Judge Miller began acquiring judicial experience when she served as a part-time judge in the Magistrate Court of Fulton County from 1985-1989. In 1989, Judge Miller began her tenure as an Administrative Law Judge with the State Board of Workers’ Compensation. In 1992, when Governor Zell Miller appointed her to serve as Director and Judge of the Appellate Division of the State Board of Workers’ Compensation, Judge Miller made history as the first woman, first African-American, and youngest person ever to hold that position. Four years later, Governor Miller appointed her to the State Court of Fulton County, and she was re-elected as a State Court judge without opposition in 1998.
An active leader in her profession and in the community, Judge Miller serves on the National Council of Chief Judges of the State Courts of Appeal and the Advisory Board of the Girl Scout Council of Northwest Georgia. Among other positions, Judge Miller has previously served as: Chair of the Supreme Court Committee on Public Trust and Confidence; a Trustee of Leadership Georgia; and a member of the Board of Directors of Mercer Law School.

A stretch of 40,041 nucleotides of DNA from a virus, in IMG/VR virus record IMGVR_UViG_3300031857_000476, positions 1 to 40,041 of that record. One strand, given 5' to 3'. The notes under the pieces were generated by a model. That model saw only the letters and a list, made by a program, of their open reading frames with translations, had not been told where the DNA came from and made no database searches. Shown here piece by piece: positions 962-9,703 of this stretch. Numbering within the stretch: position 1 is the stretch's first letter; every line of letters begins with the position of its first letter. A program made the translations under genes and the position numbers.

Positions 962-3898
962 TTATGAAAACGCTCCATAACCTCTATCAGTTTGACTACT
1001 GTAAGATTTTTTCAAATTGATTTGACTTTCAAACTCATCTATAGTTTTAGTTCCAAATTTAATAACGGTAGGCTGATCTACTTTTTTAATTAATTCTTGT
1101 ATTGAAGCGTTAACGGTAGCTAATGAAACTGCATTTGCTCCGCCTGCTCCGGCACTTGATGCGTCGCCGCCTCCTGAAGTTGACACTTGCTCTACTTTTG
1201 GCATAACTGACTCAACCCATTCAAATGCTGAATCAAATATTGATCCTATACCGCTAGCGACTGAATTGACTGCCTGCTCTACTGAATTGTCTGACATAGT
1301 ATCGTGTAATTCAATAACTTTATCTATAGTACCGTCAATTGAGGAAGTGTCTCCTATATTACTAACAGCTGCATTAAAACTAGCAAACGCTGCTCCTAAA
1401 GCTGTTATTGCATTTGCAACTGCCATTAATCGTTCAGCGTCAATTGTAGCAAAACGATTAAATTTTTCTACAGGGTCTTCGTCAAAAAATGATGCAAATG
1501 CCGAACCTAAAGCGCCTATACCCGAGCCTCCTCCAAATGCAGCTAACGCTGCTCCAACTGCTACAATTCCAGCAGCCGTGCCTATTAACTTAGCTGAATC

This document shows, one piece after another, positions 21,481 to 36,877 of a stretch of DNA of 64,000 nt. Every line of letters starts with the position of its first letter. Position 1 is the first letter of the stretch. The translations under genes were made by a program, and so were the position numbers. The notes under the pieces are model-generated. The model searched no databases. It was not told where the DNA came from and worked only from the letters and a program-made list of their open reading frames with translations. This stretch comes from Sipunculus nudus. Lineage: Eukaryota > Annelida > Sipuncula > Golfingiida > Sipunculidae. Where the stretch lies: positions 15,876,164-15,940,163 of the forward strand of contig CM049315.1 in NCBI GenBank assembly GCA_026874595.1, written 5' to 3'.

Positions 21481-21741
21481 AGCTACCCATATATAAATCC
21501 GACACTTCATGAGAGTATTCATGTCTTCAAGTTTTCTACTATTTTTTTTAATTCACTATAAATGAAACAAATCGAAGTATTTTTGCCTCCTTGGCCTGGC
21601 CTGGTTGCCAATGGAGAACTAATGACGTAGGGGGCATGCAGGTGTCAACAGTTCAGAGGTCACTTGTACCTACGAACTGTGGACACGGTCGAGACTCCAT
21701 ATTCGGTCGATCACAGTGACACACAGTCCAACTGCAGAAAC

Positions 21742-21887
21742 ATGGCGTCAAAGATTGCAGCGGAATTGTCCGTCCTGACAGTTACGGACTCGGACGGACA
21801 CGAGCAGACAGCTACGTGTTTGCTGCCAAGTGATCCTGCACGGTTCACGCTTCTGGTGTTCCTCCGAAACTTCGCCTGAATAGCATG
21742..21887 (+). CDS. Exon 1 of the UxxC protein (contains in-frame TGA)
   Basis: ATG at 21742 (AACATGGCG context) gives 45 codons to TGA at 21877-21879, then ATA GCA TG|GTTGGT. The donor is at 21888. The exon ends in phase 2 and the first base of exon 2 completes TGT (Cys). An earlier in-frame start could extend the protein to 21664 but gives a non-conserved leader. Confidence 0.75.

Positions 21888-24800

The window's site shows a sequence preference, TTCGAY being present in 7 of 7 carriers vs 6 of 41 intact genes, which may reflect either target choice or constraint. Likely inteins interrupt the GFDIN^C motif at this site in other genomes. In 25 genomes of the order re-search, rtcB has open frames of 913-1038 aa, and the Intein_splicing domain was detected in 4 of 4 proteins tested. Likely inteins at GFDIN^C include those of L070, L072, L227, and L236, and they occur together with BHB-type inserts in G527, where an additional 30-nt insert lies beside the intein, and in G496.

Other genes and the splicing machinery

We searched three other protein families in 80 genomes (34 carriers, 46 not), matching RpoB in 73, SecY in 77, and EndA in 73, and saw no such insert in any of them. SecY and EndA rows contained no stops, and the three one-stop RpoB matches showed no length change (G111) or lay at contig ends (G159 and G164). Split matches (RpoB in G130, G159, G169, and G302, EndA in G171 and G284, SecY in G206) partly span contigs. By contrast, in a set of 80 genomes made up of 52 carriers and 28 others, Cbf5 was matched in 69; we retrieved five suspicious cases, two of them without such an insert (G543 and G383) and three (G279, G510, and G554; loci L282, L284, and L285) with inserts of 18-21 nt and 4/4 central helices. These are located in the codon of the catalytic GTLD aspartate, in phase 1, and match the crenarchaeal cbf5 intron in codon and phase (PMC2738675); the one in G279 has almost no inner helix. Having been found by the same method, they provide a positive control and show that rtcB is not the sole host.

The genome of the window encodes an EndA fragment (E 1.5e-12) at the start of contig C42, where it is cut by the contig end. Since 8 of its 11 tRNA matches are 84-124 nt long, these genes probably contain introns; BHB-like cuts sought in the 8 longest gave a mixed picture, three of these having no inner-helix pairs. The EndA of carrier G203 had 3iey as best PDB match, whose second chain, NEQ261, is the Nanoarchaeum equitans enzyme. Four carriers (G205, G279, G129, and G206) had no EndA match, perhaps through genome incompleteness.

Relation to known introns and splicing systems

Judge Miller has received many awards and special recognitions for her professional achievements and public service. She was recognized for her accomplishments in Who’s Who in Black Atlanta from 2001 to 2006, and she was designated by the Georgia Informer as one of “Georgia’s Top 50 Influential Black Women” from 1991 to 2008. In 1997, she was awarded the Meritorious Service Award by the Mercer University Alumni Association. Most recently, Judge Miller was inducted into the Gate City Bar Hall of Fame in October 2008.
As busy as ever, today Judge Miller is a fellow of the Lawyers Foundation of Georgia and a member of the Lamar Inn of Court as well as a number of other professional organizations. Judge Miller is also a member of the Azalea City Chapter of The Links, Incorporated and Delta Sigma Theta Sorority, Inc. She attends Cascade United Methodist Church in Atlanta.
I know Yvette Miller as a whirlwind of energy, always willing to pitch in and passionate about doing the right thing. She is my friend, my soror, my Links sister, and a fellow church member.
We are sisters in the spirit.